Positive since 1989
My name is Larry Frampton, but most people know me as Cowboy Larry. I have been HIV positive for 24 years. I’ve lost two lovers and over 300 friends to AIDS and while it has been devastating to me, it has also empowered me to move forward and fight. When you lose so many people in your life, you make a lot of hospital bed promises to do the best you can to help others living with HIV/AIDS.
I started out helping friends who were dying by doing day-to-day chores and then I did hospice care for many people during their last days on earth. I quickly found my voice and started speaking up for the rights of those of us living with HIV/AIDS. I became involved in planning groups and advocacy organizations on the local, state and national level.
I became a public speaker on HIV/AIDS and started speaking in schools and churches; at conferences and anywhere I could, to educate the public about HIV/AIDS. I have done this for more than 20 years. Over the years I have done countless media interviews to educate and protect the public.
When I was diagnosed in 1989, they way they told you your test results was very cold. They told you that you were going to die and that you needed to get your affairs in order. I set out to change that by becoming a HIV tester and have tried to lead by example. When I give a positive test result, I focus on the individual and his or her needs and do everything I can to help that person navigate the system. I let them get their feelings out so they can move forward. I also always disclose my own status and let them know HIV is not life ending, but it is life changing. I try to give them the tools to face this disease head on.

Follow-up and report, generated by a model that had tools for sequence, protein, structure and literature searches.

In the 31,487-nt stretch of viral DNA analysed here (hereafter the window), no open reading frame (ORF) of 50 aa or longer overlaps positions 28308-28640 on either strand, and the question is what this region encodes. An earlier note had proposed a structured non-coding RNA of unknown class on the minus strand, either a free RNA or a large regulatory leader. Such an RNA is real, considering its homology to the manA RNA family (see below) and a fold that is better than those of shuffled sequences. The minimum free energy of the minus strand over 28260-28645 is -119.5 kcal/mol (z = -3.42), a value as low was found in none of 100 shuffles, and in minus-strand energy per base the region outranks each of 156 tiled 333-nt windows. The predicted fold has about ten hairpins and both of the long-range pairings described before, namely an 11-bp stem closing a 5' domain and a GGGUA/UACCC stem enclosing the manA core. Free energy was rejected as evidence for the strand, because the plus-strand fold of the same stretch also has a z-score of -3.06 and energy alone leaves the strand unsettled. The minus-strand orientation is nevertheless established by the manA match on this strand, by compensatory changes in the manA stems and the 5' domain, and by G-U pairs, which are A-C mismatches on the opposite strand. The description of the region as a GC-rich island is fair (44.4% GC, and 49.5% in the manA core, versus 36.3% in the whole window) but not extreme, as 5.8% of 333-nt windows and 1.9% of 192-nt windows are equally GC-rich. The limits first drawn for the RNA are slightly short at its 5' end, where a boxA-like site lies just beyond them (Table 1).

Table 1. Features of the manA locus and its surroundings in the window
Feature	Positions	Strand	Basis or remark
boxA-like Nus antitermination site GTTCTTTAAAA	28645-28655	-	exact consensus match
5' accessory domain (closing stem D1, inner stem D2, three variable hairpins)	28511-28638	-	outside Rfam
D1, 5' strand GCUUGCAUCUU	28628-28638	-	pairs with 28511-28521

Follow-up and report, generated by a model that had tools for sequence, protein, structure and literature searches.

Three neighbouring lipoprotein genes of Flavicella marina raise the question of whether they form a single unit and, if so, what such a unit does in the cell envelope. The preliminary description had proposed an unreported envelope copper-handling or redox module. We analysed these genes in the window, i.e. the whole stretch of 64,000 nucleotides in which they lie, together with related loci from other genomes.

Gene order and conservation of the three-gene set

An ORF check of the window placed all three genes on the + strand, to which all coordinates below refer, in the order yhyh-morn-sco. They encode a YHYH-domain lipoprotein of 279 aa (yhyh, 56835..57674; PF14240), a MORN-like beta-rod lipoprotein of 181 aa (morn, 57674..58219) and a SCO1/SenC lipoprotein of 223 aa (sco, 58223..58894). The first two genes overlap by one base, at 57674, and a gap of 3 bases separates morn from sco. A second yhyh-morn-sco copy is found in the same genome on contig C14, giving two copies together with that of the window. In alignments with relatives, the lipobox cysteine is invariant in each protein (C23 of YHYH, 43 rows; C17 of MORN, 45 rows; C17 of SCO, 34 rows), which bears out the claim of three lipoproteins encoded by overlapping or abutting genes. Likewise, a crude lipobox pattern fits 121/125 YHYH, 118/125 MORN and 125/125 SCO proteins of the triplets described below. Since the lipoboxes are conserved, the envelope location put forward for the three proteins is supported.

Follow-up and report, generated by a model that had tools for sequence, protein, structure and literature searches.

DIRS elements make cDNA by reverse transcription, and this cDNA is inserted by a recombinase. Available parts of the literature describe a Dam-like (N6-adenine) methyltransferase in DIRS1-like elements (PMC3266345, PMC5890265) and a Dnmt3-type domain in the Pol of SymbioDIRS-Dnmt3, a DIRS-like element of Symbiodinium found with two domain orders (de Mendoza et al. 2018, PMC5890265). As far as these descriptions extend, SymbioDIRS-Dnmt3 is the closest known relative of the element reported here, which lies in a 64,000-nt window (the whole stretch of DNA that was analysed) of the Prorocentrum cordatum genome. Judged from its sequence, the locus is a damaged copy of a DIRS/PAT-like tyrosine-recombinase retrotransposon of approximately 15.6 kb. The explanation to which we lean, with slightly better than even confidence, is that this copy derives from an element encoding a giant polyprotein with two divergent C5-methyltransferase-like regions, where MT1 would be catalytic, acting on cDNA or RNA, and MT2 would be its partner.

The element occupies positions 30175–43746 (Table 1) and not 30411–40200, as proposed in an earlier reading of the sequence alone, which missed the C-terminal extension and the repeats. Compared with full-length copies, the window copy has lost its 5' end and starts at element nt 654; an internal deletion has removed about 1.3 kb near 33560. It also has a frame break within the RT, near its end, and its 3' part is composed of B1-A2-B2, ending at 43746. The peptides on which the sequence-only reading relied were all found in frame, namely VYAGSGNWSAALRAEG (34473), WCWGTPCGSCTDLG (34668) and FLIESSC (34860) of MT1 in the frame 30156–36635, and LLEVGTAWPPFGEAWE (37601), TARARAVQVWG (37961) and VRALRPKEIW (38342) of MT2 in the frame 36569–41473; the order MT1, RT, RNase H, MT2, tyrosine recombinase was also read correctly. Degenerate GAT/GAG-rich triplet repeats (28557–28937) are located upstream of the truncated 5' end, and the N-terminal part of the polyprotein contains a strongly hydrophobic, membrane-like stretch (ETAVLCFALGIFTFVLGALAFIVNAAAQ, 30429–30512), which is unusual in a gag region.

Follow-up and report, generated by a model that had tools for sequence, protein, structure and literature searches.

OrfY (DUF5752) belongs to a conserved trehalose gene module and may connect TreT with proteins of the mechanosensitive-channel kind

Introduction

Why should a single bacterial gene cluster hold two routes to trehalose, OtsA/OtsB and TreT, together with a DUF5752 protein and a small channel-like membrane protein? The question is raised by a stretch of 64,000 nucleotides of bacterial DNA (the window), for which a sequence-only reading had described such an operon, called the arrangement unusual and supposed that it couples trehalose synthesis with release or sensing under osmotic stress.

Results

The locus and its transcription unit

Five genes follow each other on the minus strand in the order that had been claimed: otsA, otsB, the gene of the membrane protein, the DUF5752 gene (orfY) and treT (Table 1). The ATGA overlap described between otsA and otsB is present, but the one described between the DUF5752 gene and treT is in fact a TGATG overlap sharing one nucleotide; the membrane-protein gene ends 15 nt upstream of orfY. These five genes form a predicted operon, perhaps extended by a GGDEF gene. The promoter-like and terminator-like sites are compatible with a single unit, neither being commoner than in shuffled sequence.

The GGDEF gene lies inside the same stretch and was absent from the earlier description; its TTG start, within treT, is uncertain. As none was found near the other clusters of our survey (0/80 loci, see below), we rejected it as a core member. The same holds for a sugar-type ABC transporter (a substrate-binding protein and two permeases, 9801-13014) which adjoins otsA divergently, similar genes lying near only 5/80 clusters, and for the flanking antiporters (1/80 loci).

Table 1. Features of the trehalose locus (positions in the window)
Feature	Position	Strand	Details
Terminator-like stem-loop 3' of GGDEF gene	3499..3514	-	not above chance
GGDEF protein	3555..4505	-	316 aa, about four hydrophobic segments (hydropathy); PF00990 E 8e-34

One thing that has not changed over the years is the fear/stigma of the disease and the isolation that is often felt after diagnosis. I work very hard in Tennessee to change that by being a voice for those who cannot be heard. I still do HIV education and testing every day and serve on many local, state and national committees, boards and organizations to try to do my part in raising awareness about HIV/AIDS.
What three adjectives best describe you?
Loyal, hard working and honest
What is your greatest achievement?
Being able to educate people and let them know that they have the tools to keep themselves from getting HIV/AIDS
What is your greatest regret?
My biggest regret was when someone I had previously tested often became positive. I felt like I did not do everything I needed to do to educate him to keep him safe.
What keeps you up at night?
As an HIV tester when I find a positive test, I worry about the person to the point I don't sleep. I also worry about stigma and the best ways to tackle it.
If you could change one thing about living with HIV, what would it be?
Stigma. In the early years of HIV/AIDS those of us living with the virus only had each other and the positive community would stand together to support each other. This does not happen as much now.
What is the best advice you ever received?
Don't worry about the lab numbers. Just focus on getting and being healthy.
What person in the HIV/AIDS community do you most admire?
Ryan White. He put a different face on AIDS and made people listen. He was wise beyond his years.
What drives you to do what you do?
The continued rise in the infection rate—especially here in the south. And also all the people I know who died from AIDS.
What is your motto?
To live with HIV/AIDS, you have to be able to laugh at it.
If you had to evacuate your house immediately, what is the one thing you would grab on the way out?
My AIDS Memorial Quilt block that I made for myself many years ago to be submitted to The Names Project when I die
If you could be any animal, what would you be? And why?
Probably a mama bear that feeds and take care of her young